Defining the LF Driver’s Main Parameters in Automotive PEPS Systems

By Dr. Jedidi Kamouaa

Passive entry passive start (PEPS) systems, already well established in the high-end car market, are the latest trend in mid-price vehicles. Strategy Analytics anticipates annual demand for PEPS systems to reach almost 19 million units by 2016. This trend is fueled by cost savings from a reduction in the number of coils per vehicle, the greatest contributor to system cost.

PEPS system design presents a number of challenges:

  • Generation of high drive current and, thus, the low-frequency (LF) magnetic field required to detect the key fob inside the vehicle or in the near vicinity
  • Drive-current regulation to allow reliable receive signal strength indicator (RSSI) measurement
  • Protection under thermal stress conditions and electrical diagnostics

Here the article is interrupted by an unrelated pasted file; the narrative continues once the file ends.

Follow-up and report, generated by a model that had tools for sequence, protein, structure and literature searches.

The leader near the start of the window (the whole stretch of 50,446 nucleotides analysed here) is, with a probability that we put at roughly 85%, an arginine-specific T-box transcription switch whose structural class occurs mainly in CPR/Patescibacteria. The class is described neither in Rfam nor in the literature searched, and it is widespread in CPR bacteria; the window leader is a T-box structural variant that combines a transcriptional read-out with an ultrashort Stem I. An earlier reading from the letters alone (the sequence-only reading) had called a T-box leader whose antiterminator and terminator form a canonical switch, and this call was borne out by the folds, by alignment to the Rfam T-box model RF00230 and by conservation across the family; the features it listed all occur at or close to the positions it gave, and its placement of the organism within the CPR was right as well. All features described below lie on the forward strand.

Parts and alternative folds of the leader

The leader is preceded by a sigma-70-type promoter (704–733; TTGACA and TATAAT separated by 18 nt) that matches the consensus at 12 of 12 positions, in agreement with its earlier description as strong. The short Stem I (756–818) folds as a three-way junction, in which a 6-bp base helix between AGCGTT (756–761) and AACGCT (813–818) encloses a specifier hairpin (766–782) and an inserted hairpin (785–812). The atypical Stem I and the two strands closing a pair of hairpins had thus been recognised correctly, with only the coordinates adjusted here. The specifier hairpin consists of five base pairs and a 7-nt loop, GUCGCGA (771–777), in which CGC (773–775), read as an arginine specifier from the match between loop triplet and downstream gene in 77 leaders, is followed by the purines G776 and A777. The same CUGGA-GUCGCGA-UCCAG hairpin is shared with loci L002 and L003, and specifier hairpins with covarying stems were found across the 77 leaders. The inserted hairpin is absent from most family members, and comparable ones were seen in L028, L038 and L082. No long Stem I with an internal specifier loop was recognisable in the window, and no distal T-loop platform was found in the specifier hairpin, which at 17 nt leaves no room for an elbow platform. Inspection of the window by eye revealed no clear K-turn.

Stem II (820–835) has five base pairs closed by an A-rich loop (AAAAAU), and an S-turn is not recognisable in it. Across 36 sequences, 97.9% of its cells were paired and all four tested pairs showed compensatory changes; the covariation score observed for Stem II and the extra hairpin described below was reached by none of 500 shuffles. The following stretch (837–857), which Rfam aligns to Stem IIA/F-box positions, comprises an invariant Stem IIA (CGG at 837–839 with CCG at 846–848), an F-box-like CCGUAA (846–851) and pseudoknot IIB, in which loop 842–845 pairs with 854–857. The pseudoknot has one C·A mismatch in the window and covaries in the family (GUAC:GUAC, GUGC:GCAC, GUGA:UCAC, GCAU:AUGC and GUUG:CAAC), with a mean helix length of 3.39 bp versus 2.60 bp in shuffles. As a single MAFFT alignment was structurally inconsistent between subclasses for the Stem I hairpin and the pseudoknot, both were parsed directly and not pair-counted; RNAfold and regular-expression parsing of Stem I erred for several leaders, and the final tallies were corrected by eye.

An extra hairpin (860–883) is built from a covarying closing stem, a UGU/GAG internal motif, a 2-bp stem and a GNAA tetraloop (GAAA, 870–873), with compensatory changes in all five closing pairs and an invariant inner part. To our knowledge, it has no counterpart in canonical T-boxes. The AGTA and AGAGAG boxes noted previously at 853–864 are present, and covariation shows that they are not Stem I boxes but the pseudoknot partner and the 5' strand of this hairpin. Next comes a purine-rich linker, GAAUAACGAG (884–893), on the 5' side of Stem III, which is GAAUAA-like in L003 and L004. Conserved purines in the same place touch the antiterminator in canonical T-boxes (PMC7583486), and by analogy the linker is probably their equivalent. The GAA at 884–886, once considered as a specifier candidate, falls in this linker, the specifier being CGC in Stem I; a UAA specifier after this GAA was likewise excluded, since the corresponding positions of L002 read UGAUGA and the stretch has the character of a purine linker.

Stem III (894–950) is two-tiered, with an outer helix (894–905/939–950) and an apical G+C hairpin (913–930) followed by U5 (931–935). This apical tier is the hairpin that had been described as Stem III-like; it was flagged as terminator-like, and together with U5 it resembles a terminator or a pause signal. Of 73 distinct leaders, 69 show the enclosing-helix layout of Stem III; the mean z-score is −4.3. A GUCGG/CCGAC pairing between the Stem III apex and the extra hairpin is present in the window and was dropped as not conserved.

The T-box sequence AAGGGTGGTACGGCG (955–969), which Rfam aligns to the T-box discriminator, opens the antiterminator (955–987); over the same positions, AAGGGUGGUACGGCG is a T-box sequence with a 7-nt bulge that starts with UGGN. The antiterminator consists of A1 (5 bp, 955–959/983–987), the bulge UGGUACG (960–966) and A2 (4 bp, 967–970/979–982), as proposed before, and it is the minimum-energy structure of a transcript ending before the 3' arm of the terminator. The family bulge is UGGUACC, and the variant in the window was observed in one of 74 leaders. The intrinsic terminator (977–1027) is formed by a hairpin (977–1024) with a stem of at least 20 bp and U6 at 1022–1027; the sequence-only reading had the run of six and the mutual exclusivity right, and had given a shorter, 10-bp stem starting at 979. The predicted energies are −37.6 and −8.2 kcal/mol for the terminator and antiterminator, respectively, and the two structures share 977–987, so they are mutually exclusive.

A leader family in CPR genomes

• Reduction in electromagnetic radiation
  • PEPS system speed

 A key part of PEPS systems is the LF driver. The Atmel ATA5279C multichannel LF antenna driver IC includes technical features to meet PEPS system requirements. It operates alongside the Atmel ATA5791 single-chip key fob controller, integrating the RF transmitter.

When developing an LF antenna driver system, you’ll need to consider:

  • Capability to generate sufficient magnetic field to detect the key fob inside the vehicle or in the vicinity of the vehicle
  • Use of a regulation loop of the drive current for reliable field strength and thus RSSI measurement
  • Protection under thermal stress conditions and electrical diagnostics
  • Electromagnetic radiation
  • The interface with the host microcontroller
  • Thermal factors

With the need for cost savings, car makers also expect the LF driver to perform the immobilizer backup function, which requires the merging of the immobilizer and LF driver functions, multiplexing one of the antennas and thus eliminating one coil (a major cost contributor). This merger allows the immobilizer base station coil in the steering lock cylinder to be removed, and the resulting change in car architecture will enable significant cost savings that should further increase PEPS system adoption.

For diagrams and detailed information about how to define the LF driver, see the article “How to Define the LF Driver’s Key Parameters in Automotive PEPS Systems.”

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